In the Junior class the top spot is secured by Greg Wittwer (CRC) and second and third will see Gonzalo Escobar (unattached) and Nick Pence (CRC) battle it out. The C Open race Ric Ronci (Performance Bike), Art Mitchell (Squaddra Coppi) and Lance Triebel (unattached) are closely spaced for what should be a good race.
The B men have Andrew Shaw (NCVC) sitting comfortably in first place while only 1 point separates Greg Wittwer (CRC) and Zack Moldenhauer (unattached). the A women's class is lead by Kirsten Plehn (Independent Fabrications) and the B women's race leader is Ann Bechenhauer (Potomac Velo) with only 5 points separating second and third.
Masters 40+ have Randy Root (Snow Valley) and Richard Pence (CRC) tied for first. the Masters 50+ is lead comfortably by Fred Wittwer (CRC). the A Men are lead by Jeremiah Bishop (Trek/VW) with Mike Buchness (Bike Doctor) second and Chip Sovek (Potomac Velo) in third.
This final race will be held on the same course as "All Hallows 'Cross" from VACX#1, October 28. Due to the recent rain and unseasonal temperatures in the Mid-Atlantic the course should be much slower than it was in October and conditions are expected to be slippery on this technical course.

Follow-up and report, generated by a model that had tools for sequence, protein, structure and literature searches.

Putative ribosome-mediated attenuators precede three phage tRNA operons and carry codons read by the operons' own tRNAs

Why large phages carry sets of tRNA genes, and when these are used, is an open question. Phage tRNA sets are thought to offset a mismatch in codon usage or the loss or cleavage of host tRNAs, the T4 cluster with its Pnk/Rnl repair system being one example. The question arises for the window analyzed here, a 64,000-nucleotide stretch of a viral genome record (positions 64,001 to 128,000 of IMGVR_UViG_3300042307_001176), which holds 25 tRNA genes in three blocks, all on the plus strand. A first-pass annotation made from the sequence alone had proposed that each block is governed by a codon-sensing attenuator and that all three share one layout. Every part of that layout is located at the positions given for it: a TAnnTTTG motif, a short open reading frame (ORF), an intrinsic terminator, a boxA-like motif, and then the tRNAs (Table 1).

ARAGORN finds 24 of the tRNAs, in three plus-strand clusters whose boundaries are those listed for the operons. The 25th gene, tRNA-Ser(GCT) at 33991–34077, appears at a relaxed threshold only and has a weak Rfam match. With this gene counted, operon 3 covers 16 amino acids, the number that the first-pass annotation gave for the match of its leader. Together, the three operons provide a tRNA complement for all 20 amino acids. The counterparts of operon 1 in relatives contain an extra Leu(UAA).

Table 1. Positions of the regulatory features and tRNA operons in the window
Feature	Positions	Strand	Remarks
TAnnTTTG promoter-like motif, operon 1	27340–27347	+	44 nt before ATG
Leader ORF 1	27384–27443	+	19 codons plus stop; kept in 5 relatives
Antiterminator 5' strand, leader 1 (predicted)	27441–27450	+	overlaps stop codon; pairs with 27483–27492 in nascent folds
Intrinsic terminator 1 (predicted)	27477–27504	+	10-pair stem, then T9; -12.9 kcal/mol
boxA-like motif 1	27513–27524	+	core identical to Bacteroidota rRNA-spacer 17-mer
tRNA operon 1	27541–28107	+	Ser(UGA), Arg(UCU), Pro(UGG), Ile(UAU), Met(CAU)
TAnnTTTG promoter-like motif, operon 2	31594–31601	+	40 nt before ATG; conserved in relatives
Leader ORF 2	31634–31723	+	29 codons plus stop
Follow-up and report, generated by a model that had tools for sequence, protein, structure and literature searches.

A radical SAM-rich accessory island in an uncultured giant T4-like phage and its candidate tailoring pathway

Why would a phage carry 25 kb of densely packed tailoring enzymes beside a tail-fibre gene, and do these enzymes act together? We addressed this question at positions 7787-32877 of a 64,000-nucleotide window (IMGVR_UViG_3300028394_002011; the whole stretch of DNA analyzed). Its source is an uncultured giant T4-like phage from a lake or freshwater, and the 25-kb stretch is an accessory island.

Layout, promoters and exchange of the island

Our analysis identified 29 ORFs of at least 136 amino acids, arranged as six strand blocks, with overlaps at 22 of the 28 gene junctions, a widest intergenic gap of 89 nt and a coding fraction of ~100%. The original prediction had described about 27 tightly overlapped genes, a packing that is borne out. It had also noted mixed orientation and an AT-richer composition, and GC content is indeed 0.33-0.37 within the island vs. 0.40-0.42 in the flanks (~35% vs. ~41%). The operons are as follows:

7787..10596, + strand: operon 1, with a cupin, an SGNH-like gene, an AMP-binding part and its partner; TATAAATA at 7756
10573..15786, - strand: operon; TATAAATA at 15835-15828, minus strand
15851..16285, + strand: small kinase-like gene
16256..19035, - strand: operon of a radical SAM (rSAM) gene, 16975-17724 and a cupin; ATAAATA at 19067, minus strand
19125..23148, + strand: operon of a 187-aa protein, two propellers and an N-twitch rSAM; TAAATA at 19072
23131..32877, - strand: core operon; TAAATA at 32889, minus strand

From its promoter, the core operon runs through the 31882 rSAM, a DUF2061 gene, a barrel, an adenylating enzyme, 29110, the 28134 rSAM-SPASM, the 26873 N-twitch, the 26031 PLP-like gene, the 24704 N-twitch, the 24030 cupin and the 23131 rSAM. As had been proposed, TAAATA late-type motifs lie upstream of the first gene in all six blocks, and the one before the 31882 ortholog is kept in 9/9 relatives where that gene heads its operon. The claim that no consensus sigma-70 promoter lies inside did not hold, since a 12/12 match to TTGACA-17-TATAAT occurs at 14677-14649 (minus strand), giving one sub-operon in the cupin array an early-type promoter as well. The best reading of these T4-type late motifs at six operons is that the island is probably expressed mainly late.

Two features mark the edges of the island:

Major Races and Events
September 7-29, 2002: Vuelta a España (GT) - Preview, stage list
May 11-June 2, 2002: Giro d'Italia (GT) - Preview, stage list, photos
July 6-28, 2002: Tour de France (GT) - Full preview & official route details
December 8: Superprestige Rd 5 (Cat. 1) - Erwin Vervecken
November 29-December 4: Six Days of Noumea (6D) - Sassone/Neuville victorious
November 26-December 1: Six Days of Zurich (6D) - Day 6 - McGrory/Gilmore/Schnider win
December 1: Melbourne Cup on Wheels (IM) - Scott Moller, Keirin, Sprint, Support races
December 2: Cyclo-cross World Cup #2 (CDM) - Sven Nijs again
November 24-December 3: Juegos Deportivos Centroamericanos (JR) - Final results
December 8-9: Frankfurter Rad-Cross (Cat. 2) - Alex Mudroch, UK National Trophy Series #4 (Cat. 3) - Roger Hammond, Grote Prijs Industrie Bosduin - Kalmthout (Cat. 1) - Bart Wellens, Int. Radquer Obergösgen (Cat. 2) - Björn Rondelez, Trofeo Mamma e Papa Guerciotti (Cat. 3) - Enrico Franzoi, Premio Egondo (Cat 3) - David Seco, Irish cyclo-cross championships - Robin Seymour
Results: local racing
Australia - CycleWest Promotions Omnium Series #2, Eastern Suburbs Summer Criterium Series, Carnegie Caulfield Tuesday criterium, Southern Cross Junior Track Open & Madison Cup, Manly Warringah CC, George Town Track Carnival, Carnegie Caulfield CC, Randwick Botany CC, Gold Coast CATS CC, Caesar's Illawarra CC, Caesar's Illawarra (track)
Denmark - Danish cyclo-cross Post Cup #3
Italy - Gran Premio Città di Bassano
Luxembourg - GP De Kopstal
New Zealand - Cyco Criterium series
Spain - Elorrio cyclo-cross
USA - Georgia Cross Series Championship, Chimborazo Grand Prix cyclo-cross, Boulder Cross Rd 6, New Mexico State Cyclo-x Champs, Sorrento Cyclo-x & California State Champ's, Boulder Cross Rd 5, Verge New England series, Northampton CC Cyclo-cross Championships, Chris Cross International CycloCross